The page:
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NSU, VSU to enroll 400 to 500 fewer students

By Jeremy M. Lazarus/Special to the Trice Edney News Wire from the Richmond Free Press
On August 25, 2014

Norfolks State University and Virginia State University, both HBCUs,
have declining student enrollments since 2012.
Credit: vsu.edu

Enrollment is continuing to decline at Virginia’s two historically Black state universities. Both Norfolk State and Virginia State are projecting additional reductions of 400 to 500 students when classes begin in a few weeks. The two schools hit their fall enrollment peak in 2012, according to the State Council of Higher Education of Virginia.

That year, the Council data show Norfolk State University reported 7,100 students; Virginia State University, 6,208 students, fueling rosy plans for expansion. VSU, for example, prepared a master plan for developing the campus to accommodate the 10,000 students it expected by 2020. But that optimistic outlook is being shelved as the two schools struggle to fill their classrooms.

The first sign of trouble appeared in the fall of 2013 when both schools reported enrolling about 400 students fewer than the previous year. Now, the additional drop in enrollment expected this fall will return both schools to student numbers of five years ago. The losses of students are beginning to bite into both schools’ budgets. Already there is talk of cutbacks in faculty, staff and programs from the two presidents, Eddie N. Moore Jr. at NSU and Dr. Keith T. Miller at VSU.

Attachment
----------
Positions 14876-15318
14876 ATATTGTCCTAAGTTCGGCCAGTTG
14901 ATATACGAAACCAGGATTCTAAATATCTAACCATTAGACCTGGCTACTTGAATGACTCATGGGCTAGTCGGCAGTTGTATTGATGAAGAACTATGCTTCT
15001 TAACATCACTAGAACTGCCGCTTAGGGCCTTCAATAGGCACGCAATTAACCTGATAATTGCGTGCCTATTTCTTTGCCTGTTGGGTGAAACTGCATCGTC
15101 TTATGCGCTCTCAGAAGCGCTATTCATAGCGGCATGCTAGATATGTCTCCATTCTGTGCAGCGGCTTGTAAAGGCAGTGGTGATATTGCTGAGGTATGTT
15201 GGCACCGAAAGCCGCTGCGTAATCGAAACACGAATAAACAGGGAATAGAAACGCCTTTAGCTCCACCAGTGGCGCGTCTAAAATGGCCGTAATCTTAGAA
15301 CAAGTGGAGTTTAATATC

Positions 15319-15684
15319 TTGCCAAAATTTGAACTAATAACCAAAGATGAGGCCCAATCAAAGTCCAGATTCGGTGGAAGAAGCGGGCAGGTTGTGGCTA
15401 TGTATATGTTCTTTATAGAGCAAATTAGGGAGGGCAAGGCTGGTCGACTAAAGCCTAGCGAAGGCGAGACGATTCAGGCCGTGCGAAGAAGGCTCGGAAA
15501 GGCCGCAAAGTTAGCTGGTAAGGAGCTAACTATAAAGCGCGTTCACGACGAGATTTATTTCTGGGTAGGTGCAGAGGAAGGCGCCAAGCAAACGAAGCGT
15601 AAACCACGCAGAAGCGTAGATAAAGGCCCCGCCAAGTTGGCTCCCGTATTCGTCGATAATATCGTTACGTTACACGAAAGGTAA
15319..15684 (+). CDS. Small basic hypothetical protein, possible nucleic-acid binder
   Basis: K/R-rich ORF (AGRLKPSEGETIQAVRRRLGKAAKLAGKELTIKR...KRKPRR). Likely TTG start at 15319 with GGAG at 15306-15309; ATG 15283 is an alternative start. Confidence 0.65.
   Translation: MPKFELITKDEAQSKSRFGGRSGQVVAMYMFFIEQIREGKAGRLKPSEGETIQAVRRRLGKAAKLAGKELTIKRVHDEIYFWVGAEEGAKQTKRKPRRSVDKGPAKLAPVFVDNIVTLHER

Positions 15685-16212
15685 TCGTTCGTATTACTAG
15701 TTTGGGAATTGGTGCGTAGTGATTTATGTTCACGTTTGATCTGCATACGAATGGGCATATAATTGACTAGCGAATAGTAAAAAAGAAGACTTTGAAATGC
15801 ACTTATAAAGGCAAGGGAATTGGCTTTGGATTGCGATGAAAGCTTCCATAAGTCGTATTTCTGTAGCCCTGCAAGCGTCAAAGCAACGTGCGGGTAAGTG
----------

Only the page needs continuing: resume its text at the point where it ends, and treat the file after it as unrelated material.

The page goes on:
The two schools are hardly alone in dealing with falling student numbers. In Virginia, state data indicate enrollment is flat or declining at most colleges and universities, with private Liberty, Regents and Virginia Union universities among the few exceptions in reporting rising enrollment. The situations at NSU and VSU reflect the problems many HBCUs are facing in filling seats.

First, higher costs are having an impact. These schools traditionally have served students from families that have fewer resources and need financial aid. An estimated 84 percent of students at HBCUs receive Pell Grants, which are federal, need-based funds awarded to low-income students.

But Pell Grants do not cover all expenses. Many students still are hard pressed to cover the full price of tuition, room, board, books and other costs that now top $20,000 per year for in-state students -- even at state-supported schools. Loans have become more difficult to get since the Great Recession. Stiffer federal credit standards imposed two years ago have left out thousands of would-be student borrowers and their parents. Shortcomings in education also have an impact on these schools that often accept a percentage of less prepared students with below average SAT scores and less than stellar grades.

Every year, a portion of the students lose access to federal aid and loans for failing to meet minimum standards for satisfactory academic progress, usually a 1.5 grade point average on a 4-point scale the first year. In addition, the competition for students has ratcheted up. HBCUs once were the only option for most Black students, who made up almost 100 percent of their enrollment. But the 1964 Civil Rights Act forced open once closed White schools doors.

Today, only 11 percent of Black high school seniors choose an HBCU. Marybeth Gasman, an expert on HBCUs at the University of Pennsylvania, said predominantly Black schools have had a tougher time attracting a more diverse student body, though one in four students now are Latino, Asian-American, White or other ethnicity. In her view, the schools fill a need. Data show, she said, that these schools do the “lion’s share” of the work to provide an academic home for first-generation students who might be turned away elsewhere.

“Historically Black colleges serve low income students, first generation students, adult learners, part-time students and students; these schools are still playing an important role for students of color,” said Gasman.

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